Does Auto Insurance Pay for Damage from Natural Disasters?

Last Updated on September 15, 2023

Natural disasters and other natural weather phenomena happen all the time in the United States. Some areas are prone to flooding, some get frequent tornadoes, some areas get hurricanes or strong wind and rain, and some areas get forest fires. Whatever part of the country you live in, there are chances of a natural disaster happening and a state of emergency being declared. When it does, is your car covered? Learn what type of coverage you need and what it covers.

Key Takeaways:

  1. Comprehensive car insurance coverage is essential for protection against natural disasters and “acts of God” damages.
  2. While state minimums and liability coverage don’t cover natural disasters, addendums can be added for specific disaster coverage, though comprehensive coverage is often more encompassing.
  3. Beyond natural disasters, comprehensive coverage protects against theft, animal collisions, and other unforeseen damages.
  4. It’s crucial to understand your current coverage, shop for the best rates, and ensure that your chosen policy covers all potential risks.

Types of Coverage

There are a few different types of coverage that you can get for your vehicle. Most states only require that you have liability coverage. This minimum car insurance only covers damages and medical costs of the other party if you are liable in an accident. You may also have collision coverage, which covers damages and injuries to yourself or your vehicle if you hit another vehicle or object. Comprehensive coverage is meant to cover everything else.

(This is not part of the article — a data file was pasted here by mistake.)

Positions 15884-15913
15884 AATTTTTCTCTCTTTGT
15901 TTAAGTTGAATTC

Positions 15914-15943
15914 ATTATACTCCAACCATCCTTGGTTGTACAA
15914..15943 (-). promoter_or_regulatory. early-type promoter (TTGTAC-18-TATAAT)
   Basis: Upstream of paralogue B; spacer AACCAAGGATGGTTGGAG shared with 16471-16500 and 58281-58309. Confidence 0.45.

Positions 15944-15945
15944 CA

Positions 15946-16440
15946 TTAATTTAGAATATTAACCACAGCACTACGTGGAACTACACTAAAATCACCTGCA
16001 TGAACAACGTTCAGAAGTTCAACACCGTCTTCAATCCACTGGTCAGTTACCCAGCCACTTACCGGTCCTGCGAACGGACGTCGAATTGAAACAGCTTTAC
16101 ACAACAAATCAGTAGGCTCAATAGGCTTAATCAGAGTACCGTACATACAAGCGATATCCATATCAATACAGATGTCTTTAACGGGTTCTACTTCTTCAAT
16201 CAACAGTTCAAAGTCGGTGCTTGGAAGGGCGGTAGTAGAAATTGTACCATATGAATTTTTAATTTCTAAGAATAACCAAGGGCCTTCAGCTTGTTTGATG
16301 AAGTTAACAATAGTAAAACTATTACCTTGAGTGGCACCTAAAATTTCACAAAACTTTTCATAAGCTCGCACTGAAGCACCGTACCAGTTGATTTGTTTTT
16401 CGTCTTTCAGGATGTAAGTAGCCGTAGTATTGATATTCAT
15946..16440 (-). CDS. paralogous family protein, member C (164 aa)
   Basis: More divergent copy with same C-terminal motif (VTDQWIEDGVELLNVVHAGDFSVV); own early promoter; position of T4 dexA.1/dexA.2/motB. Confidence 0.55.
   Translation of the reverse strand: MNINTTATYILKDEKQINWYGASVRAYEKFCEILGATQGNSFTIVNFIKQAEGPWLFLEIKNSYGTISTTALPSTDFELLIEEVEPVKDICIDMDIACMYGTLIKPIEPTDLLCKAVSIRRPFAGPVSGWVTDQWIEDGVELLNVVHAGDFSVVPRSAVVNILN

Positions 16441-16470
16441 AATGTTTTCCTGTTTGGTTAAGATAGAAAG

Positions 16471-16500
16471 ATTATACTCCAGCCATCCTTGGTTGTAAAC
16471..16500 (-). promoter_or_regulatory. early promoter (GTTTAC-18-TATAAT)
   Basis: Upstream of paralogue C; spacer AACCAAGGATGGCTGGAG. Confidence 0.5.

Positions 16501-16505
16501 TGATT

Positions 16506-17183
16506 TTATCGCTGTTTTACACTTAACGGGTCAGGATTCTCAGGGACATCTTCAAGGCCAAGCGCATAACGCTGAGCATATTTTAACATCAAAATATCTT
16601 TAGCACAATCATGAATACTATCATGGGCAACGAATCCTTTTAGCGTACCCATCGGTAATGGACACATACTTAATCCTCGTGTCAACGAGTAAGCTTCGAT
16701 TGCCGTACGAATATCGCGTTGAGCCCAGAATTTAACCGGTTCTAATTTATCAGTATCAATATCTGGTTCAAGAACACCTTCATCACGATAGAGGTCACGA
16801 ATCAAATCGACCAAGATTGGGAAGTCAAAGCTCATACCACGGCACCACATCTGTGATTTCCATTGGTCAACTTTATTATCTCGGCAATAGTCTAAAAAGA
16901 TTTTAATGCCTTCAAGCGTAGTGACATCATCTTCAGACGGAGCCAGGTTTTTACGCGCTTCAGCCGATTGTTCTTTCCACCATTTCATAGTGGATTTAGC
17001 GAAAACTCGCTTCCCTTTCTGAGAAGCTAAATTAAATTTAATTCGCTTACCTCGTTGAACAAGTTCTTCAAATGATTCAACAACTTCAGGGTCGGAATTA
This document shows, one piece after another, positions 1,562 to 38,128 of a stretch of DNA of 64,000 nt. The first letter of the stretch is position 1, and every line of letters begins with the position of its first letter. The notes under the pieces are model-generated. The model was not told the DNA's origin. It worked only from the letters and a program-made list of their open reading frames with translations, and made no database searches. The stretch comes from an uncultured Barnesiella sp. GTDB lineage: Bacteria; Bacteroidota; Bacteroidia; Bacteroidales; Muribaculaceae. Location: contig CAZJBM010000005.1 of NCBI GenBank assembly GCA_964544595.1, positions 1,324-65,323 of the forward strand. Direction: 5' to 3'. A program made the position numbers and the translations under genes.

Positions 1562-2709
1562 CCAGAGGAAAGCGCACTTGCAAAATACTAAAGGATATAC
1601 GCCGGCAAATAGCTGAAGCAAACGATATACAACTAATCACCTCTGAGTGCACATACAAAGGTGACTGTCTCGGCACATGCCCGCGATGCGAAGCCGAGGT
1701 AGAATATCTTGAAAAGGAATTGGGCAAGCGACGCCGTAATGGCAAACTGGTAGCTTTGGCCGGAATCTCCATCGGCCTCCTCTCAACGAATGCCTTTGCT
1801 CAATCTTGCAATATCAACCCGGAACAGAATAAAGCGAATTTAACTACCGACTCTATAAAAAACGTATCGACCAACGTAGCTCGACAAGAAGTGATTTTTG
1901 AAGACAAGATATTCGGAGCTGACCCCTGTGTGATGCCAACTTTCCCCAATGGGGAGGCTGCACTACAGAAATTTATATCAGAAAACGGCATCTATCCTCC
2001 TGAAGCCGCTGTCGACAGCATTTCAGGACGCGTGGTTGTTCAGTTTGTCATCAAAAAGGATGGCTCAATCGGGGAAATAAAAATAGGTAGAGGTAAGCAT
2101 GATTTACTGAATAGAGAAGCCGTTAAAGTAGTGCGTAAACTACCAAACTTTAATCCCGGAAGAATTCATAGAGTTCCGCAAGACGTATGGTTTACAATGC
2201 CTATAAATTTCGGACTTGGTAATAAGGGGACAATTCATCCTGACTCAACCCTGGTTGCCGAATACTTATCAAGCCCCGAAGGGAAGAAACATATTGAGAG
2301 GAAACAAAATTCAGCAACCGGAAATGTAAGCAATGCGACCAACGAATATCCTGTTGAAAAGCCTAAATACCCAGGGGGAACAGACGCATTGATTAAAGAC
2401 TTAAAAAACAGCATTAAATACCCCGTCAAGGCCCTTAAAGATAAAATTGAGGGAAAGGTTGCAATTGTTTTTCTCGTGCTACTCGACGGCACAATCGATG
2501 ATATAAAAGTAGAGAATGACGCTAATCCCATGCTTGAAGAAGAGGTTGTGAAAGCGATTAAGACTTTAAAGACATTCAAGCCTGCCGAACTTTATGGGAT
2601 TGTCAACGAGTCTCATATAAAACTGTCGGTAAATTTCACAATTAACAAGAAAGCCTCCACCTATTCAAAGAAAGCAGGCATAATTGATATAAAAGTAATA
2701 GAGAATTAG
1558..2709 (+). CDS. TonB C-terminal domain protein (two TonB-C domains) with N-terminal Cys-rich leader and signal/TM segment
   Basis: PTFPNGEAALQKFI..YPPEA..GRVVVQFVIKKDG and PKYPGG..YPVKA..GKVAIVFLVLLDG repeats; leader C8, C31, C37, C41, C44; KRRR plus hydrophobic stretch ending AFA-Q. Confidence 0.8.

If you only have the state minimum required insurance or you only have liability and collision coverage, natural disasters will not be covered automatically by your insurance policy. The only way that you can get coverage for natural disasters is to have comprehensive coverage or to purchase individual coverage based on your area.


It is possible to get addendums to your car insurance policy rather than getting full coverage. For example, if you live on a floodplain, you might want to get an addendum that covers flooding specifically. You can also get addendums for fire, hurricane, or tornado coverage. However, there are some disadvantages. If you get only one specific type of coverage, that specific disaster is the only one that will be covered. Often, you can get similar rates by simply getting comprehensive coverage that covers everything.

Comprehensive Coverage

Comprehensive coverage on auto insurance covers everything other than hitting an object or another vehicle. This means that comprehensive insurance covers most natural disasters, as well as weather phenomena like hail. Comprehensive coverage will also cover additional damages related to natural disasters, such as a tree branch falling on your vehicle. Situations like these are considered “acts of God” and are covered only if you have comprehensive coverage.

Acts of God

Other acts of God that will be covered by your comprehensive coverage include:

  • Sinkholes
  • Landslides
  • Mudslides
  • Volcanoes
  • Theft
  • Vandalism
  • Riots and civil unrest